Surprise medical billing, also known as balance billing, happens when someone seeks care at an in-network facility or provider but receives services that are out-of-network. Many times, patients receive such care without prior knowledge or authorization.
One of the most common situations where patients might incur a surprise bill is from an emergency room visit, where patients typically have little control over the facility or provider treating them. As reported by Health Affairs, 1 in 5 patients who sought care at an emergency department received services from an out-of-network provider.
State policymakers and industry experts alike agree that consumers should not be held responsible for surprise bills from situations where patients are not given a choice, but opinions commonly diverge in the amount providers should be reimbursed. Some suggest setting a benchmark standard where reimbursement is tied to a reference point, such as the median in-network rate paid within a certain geographic area, or to a percentage of current Medicare rates.
Others recommend that the provider or facility and the insurer should first negotiate on their own to resolve payment. Should those negotiations fail, an arbiter appointed through an independent dispute resolution process would choose between proposed payments submitted by both the provider and the insurer. Still others propose a hybrid of the two.
Legislative efforts to protect consumers from surprise bills have been steadily increasing, illustrated by recent laws enacted across the nation and political spectrum. To date, 33 states have some sort of consumer protections in place. When compared with guidelines created by researchers at the Georgetown University Center for Health Insurance Reform, 18 of those states have comprehensive safeguards against surprise bills while 15 have a more limited approach. The Georgetown experts assessed states on the comprehensiveness of their laws based on the following indicators:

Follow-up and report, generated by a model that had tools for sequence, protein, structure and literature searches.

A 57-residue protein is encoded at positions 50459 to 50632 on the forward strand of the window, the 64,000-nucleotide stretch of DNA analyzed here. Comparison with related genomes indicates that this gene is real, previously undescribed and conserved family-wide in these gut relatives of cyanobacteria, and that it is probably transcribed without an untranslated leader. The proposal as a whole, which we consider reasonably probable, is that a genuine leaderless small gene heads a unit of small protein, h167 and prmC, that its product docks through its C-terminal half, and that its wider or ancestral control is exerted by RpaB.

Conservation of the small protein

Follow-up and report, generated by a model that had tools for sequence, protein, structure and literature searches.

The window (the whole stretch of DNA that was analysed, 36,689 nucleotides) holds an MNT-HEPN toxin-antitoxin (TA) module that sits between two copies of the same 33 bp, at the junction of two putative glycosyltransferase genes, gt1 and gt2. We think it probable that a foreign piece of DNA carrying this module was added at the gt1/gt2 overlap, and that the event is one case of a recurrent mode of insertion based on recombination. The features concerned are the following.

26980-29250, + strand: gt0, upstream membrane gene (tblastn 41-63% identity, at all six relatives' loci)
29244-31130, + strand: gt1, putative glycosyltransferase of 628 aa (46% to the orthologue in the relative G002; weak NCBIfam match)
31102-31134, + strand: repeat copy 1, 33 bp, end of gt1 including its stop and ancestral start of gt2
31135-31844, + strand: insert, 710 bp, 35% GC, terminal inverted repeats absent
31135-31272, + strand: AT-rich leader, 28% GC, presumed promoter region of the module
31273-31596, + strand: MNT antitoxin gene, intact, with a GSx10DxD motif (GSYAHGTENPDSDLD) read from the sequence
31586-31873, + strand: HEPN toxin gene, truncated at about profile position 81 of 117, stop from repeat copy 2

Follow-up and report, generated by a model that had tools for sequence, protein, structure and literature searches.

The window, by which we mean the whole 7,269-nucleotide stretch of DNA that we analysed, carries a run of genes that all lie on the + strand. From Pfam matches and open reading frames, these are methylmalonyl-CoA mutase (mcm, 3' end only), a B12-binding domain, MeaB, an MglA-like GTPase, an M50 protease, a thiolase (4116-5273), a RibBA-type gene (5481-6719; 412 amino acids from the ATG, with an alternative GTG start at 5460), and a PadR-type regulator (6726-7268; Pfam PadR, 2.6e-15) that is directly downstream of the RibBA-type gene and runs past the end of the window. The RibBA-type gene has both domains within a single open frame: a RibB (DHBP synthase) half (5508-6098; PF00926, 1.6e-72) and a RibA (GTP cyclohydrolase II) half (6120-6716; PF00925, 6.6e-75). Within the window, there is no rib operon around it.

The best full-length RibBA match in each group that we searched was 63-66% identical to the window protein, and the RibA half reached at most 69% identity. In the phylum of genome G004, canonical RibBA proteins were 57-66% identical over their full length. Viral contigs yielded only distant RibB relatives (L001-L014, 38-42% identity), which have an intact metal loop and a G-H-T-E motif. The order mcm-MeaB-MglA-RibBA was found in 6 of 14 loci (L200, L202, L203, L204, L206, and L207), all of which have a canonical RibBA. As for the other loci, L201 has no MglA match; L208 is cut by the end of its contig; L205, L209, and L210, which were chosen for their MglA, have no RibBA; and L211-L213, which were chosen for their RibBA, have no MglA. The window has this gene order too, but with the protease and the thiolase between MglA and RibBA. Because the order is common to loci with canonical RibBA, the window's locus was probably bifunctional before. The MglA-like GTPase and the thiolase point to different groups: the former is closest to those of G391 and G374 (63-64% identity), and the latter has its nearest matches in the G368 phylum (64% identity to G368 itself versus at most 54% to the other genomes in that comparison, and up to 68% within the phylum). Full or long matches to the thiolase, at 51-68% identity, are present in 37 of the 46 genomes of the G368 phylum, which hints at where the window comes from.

- Extends protections in both emergency department and in-network hospital settings.
- Applies laws to all types of insurance, including health maintenance organizations and preferred provider organizations.
- Protects consumers by holding them harmless from costs above their cost-sharing requirement and prohibiting providers from balance billing.
- Adopts a state-specific payment standard or process for resolving payment disputes between providers and health insurers.
In December 2020, Congress passed the No Surprises Act, which outlines several consumer protections and a payment process. Patients who are seen by an out-of-network provider will not be responsible for any amount over their normal cost-sharing requirement for an in-network provider, and providers are barred from seeking anything above this threshold from patients. The law also protects consumers against being surprise-billed in both emergency and nonemergency settings. Payment disputes are resolved by using a “baseball-style” arbitration process, where each party makes an offer and an independent arbitrator chooses between them.
Notably, the federal act includes consumer protections against surprise bills from air ambulance providers—a policy area states have, historically, had little authority to regulate.
Enforcement of the No Surprises Act will fall to the states and their insurance departments. For states with no protections and for large employer plans guided by the Employee Retirement Income Security Act of 1974, the requirements outlined in the federal act will apply. For states with broader consumer protections, the No Surprises Act defers to state law, and state-regulated plans will still be subject to state payment dispute processes. Federal guidance in 2021 should further clarify how the No Surprises Act will interact with state laws.